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It’s becoming ever more clear that our dysfunctional, weak, inefficient, and corrupt bureaucracy is a binding constraint to growth and development. It belongs up there together with our low agricultural productivity, labor rigidities, and monopolies in strategic industries as major constraints for the country to attain its true growth potential.
On Nov. 7, during the Atlas Network’s Freedom Dinner at the Intrepid Sea, Air, and Space Museum in New York City, the Foundation for Economic Freedom, of which I’m President and co-Founder, received the prestigious Templeton Freedom Award. The Award was given in recognition of the Foundation’s work advocating and successfully pushing for legislation removing Commonwealth-era restrictions on agricultural patents, thereby immediately benefiting 2.5 million farmers and energizing the rural land market.
Manila Mayor Isko Moreno has been rightly hailed for reclaiming public space by removing illegal vendors plying their trade by occupying streets and sidewalks. However, some critics have pointed out that these vendors are merely trying to earn a living and would suffer tremendously if they were removed or relocated.
The purveyors of “zombie apocalypse” scenarios, as a friend put it, are at it again. They take the most extreme and scariest scenarios and project these to keep change from happening. Don’t change. Keep the status quo. Otherwise, the zombies will come and get you.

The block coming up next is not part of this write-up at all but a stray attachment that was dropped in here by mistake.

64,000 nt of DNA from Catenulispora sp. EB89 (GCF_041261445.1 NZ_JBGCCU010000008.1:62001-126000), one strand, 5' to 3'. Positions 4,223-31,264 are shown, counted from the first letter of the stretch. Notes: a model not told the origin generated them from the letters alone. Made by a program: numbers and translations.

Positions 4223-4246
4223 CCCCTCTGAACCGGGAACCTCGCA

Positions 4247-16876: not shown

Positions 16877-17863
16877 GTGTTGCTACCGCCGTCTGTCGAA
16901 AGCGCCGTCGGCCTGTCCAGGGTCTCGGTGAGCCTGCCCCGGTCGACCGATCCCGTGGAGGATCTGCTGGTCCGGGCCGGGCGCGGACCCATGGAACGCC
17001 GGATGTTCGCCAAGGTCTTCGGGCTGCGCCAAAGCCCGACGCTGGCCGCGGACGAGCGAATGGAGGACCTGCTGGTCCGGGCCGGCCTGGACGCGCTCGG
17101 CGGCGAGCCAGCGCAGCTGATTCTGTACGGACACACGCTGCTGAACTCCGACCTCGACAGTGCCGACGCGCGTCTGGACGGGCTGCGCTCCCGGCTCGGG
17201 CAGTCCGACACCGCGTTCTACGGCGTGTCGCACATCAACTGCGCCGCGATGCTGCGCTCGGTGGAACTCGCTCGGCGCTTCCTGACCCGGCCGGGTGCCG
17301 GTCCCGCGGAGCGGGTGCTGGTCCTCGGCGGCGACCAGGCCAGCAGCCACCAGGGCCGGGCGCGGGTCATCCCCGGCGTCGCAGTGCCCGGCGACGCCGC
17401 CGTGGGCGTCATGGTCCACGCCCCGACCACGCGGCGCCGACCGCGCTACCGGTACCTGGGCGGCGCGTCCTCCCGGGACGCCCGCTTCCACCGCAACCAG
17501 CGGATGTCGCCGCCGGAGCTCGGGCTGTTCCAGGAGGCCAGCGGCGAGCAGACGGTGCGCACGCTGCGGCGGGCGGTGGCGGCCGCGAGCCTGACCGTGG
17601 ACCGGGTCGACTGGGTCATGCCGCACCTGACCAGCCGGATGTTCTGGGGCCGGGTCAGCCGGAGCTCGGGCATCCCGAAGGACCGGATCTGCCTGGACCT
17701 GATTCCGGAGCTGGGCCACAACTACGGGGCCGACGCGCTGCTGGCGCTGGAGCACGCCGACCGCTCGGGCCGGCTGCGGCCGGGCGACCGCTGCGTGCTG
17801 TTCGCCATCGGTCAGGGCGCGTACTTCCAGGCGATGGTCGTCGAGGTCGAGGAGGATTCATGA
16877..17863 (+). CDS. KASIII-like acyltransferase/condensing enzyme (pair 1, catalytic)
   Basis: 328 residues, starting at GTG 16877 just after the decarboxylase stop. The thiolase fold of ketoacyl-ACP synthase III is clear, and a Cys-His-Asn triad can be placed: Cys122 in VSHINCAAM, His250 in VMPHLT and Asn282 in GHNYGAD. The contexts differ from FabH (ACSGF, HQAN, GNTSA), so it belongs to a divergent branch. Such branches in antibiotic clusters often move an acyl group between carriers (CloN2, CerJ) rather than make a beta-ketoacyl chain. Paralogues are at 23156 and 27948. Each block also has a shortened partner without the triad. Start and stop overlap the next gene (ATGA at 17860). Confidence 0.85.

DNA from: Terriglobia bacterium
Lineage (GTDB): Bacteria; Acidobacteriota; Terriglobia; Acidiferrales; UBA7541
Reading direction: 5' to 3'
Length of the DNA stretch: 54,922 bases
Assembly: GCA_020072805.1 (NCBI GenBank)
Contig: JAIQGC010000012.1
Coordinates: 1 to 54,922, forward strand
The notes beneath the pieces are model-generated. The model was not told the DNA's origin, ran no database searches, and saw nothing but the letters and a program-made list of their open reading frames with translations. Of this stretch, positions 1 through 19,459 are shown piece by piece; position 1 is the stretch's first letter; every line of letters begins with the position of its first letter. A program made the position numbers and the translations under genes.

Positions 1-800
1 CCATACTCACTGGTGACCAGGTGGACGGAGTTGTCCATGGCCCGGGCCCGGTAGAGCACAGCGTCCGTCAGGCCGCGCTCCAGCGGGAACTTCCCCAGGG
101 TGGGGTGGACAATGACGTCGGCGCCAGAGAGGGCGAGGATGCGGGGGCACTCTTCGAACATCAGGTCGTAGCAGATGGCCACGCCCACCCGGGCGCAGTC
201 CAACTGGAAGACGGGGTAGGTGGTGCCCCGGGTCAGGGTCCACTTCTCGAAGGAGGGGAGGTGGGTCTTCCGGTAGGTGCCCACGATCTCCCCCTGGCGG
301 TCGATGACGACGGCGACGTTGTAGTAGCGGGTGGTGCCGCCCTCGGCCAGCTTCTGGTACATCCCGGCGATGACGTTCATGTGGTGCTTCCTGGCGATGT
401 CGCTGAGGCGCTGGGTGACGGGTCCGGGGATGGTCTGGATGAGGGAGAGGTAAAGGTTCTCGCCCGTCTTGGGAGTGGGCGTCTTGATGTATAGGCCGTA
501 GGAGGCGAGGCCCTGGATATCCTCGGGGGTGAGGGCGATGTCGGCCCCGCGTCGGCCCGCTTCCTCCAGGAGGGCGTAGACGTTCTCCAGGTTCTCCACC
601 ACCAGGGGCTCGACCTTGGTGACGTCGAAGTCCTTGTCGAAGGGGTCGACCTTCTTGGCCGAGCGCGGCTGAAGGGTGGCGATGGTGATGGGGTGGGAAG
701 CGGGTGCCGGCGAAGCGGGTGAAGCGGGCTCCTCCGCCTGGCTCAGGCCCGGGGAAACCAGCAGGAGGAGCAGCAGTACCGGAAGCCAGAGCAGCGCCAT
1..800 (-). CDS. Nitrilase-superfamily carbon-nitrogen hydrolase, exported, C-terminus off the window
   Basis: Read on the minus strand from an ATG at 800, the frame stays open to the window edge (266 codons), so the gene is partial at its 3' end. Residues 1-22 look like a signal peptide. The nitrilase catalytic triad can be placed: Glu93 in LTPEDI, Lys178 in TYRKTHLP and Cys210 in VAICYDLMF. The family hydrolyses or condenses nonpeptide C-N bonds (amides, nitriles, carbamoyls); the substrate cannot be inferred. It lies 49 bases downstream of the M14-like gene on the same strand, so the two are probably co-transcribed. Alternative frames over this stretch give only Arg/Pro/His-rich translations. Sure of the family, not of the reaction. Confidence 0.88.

Not many people may realize it, but there has been a bountiful harvest of legislation from the 17th Congress. Both Houses of Congress have produced significant economic and socially progressive legislation since signed into law by President Duterte. Credit no doubt goes to House Speaker Gloria Macapagal-Arroyo and Senate President Tito Sotto, both legislative veterans who know how to make their respective chambers productive.
My former college economics professor, Dr. Bernie “Dr. Boom” Villegas, was once quoted chanting the mantra of “agriculture, agriculture, agriculture” when asked about the development direction of the country. Indeed, while the political Left were enamored with “nationalist industrialization,” and rent-seekers with “import-substituting industrialization,” Bernie was an outlier. After all, agriculture was unsexy, while industrialization, with its image of mighty steel mills and factory sinews, represented progress and modernization.
In my last column, “The Structural Weaknesses of the Philippine Economy,” I said that the recent economic data show the structural weaknesses of the Philippine economy: low agricultural productivity, weak export growth, and undiversified export base, with much export concentrated in low value-added electronics sector.